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Use seasoned firewood for a safer, hotter fire

Burning improperly seasoned firewood reduced your fire’s heating potential and puts your home at risk for increased air pollution, mold exposure and chimney fires. But what is properly seasoned firewood, and what can you do to make sure the wood you’ve chopped or purchased is ready for burning?

What is seasoned firewood?

Wood comprises a series of tubes that carry water from a tree’s roots to its branches. In fact, freshly cut wood contains about 45 percent water. Wood that is ideal for burning has been left to rest for at least six months, bringing its water content to between 20 and 25 percent.


Why is seasoned firewood important?

When firewood isn’t seasoned properly and moisture remains, it poses a risk to your home and reduced the efficiency of your fire. Wet firewood produces a lot of smoke. That smoke introduces more air pollution to your home, especially if you have an open-hearth fireplace. Even worse, the dense smoke put off by unseasoned firewood sticks more readily to your chimney’s walls. That can build up into dangerous-highly flammable creosote, which puts your home at danger for a chimney fire. Additionally, when wet wood is stacked, it leads to the potential for mold. Even if you don’t notice mold growing on your firewood, when moldy firewood is burned, it can send mold spores air born into your home.
Finally, when you light wet firewood, you’re not producing as warm of a fire as you could be. Much of the fire’s energy goes into evaporating the water from the firewood, meaning your fire is no longer heating your home as efficiently as it could.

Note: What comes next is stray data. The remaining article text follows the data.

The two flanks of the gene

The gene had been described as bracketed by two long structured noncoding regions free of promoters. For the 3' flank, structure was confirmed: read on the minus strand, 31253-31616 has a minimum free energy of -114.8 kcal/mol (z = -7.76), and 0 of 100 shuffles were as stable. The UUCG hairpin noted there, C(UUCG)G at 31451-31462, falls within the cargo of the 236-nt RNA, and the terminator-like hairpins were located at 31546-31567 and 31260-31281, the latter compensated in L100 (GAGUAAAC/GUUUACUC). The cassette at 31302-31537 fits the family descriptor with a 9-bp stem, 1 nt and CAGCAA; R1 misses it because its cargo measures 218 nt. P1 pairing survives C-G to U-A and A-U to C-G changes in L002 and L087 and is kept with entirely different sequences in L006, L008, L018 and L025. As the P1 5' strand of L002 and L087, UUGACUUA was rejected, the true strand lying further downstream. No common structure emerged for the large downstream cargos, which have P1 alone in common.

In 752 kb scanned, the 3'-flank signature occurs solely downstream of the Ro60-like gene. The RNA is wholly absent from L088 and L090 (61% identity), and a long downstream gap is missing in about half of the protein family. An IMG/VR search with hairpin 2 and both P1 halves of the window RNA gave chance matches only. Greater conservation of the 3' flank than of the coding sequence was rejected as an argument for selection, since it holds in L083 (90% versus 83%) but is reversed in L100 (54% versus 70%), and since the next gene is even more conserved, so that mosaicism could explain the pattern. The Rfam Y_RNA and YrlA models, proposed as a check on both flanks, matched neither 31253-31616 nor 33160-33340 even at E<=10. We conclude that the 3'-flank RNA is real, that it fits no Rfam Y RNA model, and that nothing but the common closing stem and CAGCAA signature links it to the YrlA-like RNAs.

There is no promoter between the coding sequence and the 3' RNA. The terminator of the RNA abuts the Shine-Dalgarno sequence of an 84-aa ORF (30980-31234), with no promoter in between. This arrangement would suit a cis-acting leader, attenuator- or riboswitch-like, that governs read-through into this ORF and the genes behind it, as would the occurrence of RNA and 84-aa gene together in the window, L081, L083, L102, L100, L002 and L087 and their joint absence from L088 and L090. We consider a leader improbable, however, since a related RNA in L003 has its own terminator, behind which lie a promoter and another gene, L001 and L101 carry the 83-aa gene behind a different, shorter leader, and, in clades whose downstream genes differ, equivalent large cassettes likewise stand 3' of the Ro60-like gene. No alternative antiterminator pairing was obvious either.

How do I properly season my firewood?

If you’re chopping your own firewood or purchasing unseasoned firewood, you will need to store it properly to make sure it’s seasoned and ready to go for your fireplace or wood stove. First, logs should be cut to the appropriate length for your fireplace, generally 3 inches shorter than the firebox. Then, it should be split to the proper width of 3 to 6 inches. Wood should be stacked in a sunny place where the wind can blow through the woodpile. Don’t cover your seasoning woodpile, as the elements will help dry it over time. Once the wood is seasoned, it should be covered from rain and snow, as dried wood can reabsorb water.

How can I tell if my wood is properly seasoned?

There are several ways to tell if wood is dried and ready for a fire. First, you will notice cracks in the wood. Seasoned wood should feel lighter, and if you hit two pieces of wood together, you should hear a drum-like sound, while wet wood will let off a dull thud. The bark on dried wood will become loose, and the color will be yellow or brown, rather than a creamy white.

If you’re still not sure if your firewood is properly seasoned, try burning a few logs. Seasoned firewood will light easily and let off the pleasant crackling sound associated with fireplaces, while wet wood will be difficult to light and will hiss as the water inside turns to steam.